Saturday, September 17, 2016


This is the second installment in my True Confessions series - in which I answer questions that readers asked in their recent comments.

....and while I'm doing this I'll keep reminding myself that this is a blog - not a press conference....

I got an interesting question from 
Jimmy  which he asked after reading my post The Hollywood Pretty Boys and Me

"But, were/and are you happy?" 

Well, James - what could possibly make you think I'm not happy?

Actually, I'm positive that Jimmy's question was merely sarcastic and whimsical. But I'll answer it anyway.

First of all:
I hate smiley faces - - and I've always maintained that anyone who exudes perpetual happiness is either a liar or an idiot. 

My true nature is dark, brooding, negative, and alarmingly pessimistic. I am a curious combination of Heathcliff, Nietzche, and Arthur Schopenhauer.
And possibly Scrooge.

I would like to blame this solely on my dysfunctional childhood and abusive father......but I think it also has a lot to do with heredity.

I am 100% Hungarian. Gypsy blood flows through my veins, and with it comes all of the dark idiosyncrasies of the Magyars. 

I've always maintained that I have a lelek egy cigany - - the soul of a gypsy. I also have what I call an autumnal soul. I'm often depressed - but it's not a true depression. It's much more of a deep sense of melancholy, sentimentalism, nostalgia, and intense romanticism. Perhaps it's a sweet yearning sadness.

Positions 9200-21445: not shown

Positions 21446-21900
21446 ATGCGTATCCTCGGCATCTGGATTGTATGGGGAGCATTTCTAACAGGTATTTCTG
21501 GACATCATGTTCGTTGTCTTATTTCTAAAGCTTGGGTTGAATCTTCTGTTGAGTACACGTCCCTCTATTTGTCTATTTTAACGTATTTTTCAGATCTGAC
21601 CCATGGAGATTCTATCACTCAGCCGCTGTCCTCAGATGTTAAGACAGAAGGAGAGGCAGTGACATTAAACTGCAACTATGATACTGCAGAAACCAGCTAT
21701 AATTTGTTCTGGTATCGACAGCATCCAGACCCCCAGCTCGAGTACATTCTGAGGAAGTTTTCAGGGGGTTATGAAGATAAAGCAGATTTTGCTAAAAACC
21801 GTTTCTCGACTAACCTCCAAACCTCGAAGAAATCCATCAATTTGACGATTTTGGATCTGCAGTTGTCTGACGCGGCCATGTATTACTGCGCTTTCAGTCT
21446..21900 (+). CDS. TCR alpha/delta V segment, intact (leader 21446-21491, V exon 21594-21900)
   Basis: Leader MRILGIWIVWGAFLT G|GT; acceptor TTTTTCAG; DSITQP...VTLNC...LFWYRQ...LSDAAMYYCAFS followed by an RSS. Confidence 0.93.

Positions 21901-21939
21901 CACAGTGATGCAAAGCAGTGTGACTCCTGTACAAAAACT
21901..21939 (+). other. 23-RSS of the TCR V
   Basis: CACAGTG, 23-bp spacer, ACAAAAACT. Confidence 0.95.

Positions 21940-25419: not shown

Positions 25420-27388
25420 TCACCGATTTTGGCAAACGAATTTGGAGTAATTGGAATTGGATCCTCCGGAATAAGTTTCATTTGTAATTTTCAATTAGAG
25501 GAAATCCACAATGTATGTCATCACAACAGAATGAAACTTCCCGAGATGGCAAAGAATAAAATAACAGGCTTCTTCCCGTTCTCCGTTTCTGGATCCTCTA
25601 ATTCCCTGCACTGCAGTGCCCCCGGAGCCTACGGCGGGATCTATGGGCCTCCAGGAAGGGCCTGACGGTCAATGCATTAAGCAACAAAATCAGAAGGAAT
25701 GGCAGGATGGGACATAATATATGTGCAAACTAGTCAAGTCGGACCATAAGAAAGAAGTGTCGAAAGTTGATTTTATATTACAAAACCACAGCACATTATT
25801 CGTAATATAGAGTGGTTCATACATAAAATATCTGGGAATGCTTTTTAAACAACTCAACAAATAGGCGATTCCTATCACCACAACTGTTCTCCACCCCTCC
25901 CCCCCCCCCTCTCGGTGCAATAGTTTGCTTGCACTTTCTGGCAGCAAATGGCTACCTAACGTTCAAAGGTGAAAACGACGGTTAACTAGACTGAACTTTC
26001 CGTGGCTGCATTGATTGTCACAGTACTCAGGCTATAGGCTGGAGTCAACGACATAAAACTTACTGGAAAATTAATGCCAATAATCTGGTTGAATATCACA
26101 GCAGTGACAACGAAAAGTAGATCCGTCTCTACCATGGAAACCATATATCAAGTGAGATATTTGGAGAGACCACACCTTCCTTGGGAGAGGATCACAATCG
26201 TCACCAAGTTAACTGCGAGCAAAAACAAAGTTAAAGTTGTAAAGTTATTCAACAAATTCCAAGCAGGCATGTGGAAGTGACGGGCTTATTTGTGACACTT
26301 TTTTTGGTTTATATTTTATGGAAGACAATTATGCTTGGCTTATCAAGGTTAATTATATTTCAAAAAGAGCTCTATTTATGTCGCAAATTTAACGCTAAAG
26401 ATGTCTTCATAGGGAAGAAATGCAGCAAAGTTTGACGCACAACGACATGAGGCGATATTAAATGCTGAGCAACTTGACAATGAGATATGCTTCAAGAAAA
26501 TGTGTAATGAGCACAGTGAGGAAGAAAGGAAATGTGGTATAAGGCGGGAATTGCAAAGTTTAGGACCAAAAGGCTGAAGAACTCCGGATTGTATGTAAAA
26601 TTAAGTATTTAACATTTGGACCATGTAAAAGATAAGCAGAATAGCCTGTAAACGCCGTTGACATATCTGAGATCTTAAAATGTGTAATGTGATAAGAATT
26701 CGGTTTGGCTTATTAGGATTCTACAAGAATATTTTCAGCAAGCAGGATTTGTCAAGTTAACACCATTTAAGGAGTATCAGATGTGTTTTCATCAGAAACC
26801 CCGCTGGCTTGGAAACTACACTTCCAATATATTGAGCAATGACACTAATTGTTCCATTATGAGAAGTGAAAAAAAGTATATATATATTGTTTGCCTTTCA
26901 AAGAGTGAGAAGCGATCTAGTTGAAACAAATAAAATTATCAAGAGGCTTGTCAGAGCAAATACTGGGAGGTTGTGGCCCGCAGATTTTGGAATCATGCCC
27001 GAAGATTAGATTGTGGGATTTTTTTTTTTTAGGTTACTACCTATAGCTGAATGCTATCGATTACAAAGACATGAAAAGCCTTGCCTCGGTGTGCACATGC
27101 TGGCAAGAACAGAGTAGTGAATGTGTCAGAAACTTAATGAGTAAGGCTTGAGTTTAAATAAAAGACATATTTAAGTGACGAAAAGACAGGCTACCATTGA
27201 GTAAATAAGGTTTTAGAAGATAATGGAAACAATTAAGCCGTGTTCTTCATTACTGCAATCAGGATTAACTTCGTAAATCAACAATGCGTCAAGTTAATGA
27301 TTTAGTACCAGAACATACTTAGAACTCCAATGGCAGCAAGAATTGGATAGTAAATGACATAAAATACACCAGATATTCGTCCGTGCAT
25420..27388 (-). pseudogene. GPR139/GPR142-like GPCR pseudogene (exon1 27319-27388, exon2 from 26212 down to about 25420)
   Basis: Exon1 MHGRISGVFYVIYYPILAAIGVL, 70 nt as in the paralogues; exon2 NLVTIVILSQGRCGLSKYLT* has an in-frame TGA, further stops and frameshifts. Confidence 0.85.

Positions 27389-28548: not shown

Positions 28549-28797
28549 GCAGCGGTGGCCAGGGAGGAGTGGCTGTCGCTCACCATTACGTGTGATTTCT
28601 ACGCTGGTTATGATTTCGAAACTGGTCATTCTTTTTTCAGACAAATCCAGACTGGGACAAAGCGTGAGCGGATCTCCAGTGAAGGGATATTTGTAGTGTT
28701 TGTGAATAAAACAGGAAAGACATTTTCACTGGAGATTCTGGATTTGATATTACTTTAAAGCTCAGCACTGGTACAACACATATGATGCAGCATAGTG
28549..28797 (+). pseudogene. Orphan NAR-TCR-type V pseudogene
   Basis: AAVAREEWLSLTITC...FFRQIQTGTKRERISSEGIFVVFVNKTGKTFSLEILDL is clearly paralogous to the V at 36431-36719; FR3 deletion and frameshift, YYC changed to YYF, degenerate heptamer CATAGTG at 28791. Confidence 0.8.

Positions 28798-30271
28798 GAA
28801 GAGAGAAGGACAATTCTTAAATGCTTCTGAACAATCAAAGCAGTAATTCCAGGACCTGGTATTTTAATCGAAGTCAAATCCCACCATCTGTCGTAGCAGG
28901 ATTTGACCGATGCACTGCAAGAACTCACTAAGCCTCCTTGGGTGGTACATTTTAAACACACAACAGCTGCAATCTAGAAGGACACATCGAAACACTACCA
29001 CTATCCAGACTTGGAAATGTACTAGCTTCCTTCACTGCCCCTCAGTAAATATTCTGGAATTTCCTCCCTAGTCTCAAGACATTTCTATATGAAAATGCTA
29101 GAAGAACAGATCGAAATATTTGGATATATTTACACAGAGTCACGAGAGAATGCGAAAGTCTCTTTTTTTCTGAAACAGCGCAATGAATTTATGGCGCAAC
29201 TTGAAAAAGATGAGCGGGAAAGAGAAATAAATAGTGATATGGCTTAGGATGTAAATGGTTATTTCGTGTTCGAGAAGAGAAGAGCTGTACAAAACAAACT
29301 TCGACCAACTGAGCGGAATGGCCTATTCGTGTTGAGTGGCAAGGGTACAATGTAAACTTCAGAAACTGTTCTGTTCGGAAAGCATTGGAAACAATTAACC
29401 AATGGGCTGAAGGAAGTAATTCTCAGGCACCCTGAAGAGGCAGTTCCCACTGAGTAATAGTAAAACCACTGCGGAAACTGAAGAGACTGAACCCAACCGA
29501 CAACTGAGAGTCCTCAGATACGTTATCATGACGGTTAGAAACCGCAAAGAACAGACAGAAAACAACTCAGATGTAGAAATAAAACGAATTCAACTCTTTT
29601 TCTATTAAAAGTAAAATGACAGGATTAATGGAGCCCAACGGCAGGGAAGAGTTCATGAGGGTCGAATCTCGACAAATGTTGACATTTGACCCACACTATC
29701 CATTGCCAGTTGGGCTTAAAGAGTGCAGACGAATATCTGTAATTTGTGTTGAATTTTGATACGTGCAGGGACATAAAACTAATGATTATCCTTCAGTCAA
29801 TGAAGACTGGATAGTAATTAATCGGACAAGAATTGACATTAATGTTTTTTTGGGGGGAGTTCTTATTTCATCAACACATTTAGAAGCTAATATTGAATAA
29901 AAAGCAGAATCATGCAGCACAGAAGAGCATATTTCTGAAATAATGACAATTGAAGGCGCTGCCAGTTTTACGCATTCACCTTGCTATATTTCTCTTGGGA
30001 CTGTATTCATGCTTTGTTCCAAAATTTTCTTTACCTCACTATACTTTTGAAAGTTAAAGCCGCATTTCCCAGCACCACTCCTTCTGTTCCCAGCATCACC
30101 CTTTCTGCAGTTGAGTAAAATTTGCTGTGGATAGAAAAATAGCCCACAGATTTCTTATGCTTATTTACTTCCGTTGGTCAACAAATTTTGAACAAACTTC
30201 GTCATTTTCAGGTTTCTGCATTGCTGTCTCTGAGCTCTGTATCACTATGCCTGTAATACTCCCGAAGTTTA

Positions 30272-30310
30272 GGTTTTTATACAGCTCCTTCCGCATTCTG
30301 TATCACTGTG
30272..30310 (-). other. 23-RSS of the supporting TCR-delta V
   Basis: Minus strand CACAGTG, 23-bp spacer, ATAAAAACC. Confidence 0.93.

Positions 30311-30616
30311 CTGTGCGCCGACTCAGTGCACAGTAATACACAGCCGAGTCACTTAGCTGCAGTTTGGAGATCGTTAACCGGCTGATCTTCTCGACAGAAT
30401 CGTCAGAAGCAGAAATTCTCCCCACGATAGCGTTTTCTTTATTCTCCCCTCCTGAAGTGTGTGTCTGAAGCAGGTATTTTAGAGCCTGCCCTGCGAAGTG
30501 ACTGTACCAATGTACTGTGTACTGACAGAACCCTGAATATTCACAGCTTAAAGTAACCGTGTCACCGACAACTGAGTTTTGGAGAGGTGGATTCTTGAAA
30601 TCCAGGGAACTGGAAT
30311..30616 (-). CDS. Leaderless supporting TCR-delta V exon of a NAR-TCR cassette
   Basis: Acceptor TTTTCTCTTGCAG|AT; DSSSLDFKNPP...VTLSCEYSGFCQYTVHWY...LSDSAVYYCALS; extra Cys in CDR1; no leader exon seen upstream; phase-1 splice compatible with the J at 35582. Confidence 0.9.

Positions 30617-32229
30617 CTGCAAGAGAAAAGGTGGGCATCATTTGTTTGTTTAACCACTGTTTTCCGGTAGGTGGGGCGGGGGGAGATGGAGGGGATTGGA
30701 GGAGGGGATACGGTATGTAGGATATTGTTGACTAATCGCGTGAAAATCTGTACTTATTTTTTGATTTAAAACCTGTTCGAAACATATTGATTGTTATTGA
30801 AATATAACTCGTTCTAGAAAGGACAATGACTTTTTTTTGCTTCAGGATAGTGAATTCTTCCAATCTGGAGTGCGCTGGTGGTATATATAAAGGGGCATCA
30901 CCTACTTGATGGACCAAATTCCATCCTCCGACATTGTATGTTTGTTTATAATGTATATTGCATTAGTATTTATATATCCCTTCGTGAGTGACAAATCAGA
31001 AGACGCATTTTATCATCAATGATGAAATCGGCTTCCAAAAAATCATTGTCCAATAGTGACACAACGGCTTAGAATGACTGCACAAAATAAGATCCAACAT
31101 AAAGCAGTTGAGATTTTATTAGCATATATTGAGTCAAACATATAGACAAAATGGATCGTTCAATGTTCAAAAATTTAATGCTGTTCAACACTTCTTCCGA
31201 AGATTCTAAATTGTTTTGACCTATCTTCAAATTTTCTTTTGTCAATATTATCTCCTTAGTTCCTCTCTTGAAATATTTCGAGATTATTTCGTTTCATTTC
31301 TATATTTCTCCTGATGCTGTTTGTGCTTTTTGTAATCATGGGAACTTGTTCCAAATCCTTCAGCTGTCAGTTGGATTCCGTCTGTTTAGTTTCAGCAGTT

I'm fiercely sensitive and highly self-critical. 

I also have a sense of impending doom and an unhealthy resistance to success. Deep down inside I've always felt that I'm not worthy of happiness or success - and if I attain it something bad will happen.

After I gave successful piano concerts, I would cringe at the applause.

When my articles and stories appeared in national (and international) publications, I seldom read them and thought my name wasn't worthy of being on the byline.

When people told me that I was handsome, cute, or sexy I would usually counteract the compliment by saying I was ugly.
In retrospect, I was infuriatingly modest. I'm a 6'1" blue-eyed blonde.

Was I supposed to be answering a question about happiness? Somehow I got off track.

Happiness, for me, is a fleeting feeling that comes and goes. The older I get, the less it comes and the more it goes.

Many people maintain that happiness is attitude - it has to come from within.

I say bullshit. Health and wealth are what generates happiness.

Actually, I was happier in my wild and reckless youth than I am now. My life was always a piss, but at least youth provided shreds of optimism. 

In all honesty, I was probably most happy during the times that I was in love and in relationships (even though the thought of eternal commitment always scared me).
The perfect relationship - the person I loved most is now dead.

In essence, I am not frequently happy. And when I am happy - - I'm cautiously happy.  

Freud would have had a field day with me. Don't take my unhappiness too seriously... 

My other blog: 


  1. Jon,
    Interesting views on happiness. I guess it depends on the person. I've been the happiest when I'm in a relationship. My unhappiest time was when I almost lost everything when we couldn't sell our house in Pennsylvania. That was Despair Time, which I barely hung on. Like you I've also been highly self critical and, for most of my life, felt I was undeserving. Of course that has changed now as I have grown older and acquired wisdom. I now realize that most people are profoundly f - - cked up and we make the best of what life has delt us. I can honestly say at this time of my life has and is the happiest time of my life, in spite of my increasing physical ailments and the impending doom that our politicians are delivering us to.
    But as I said before Jon, that new love is coming into your life, soon.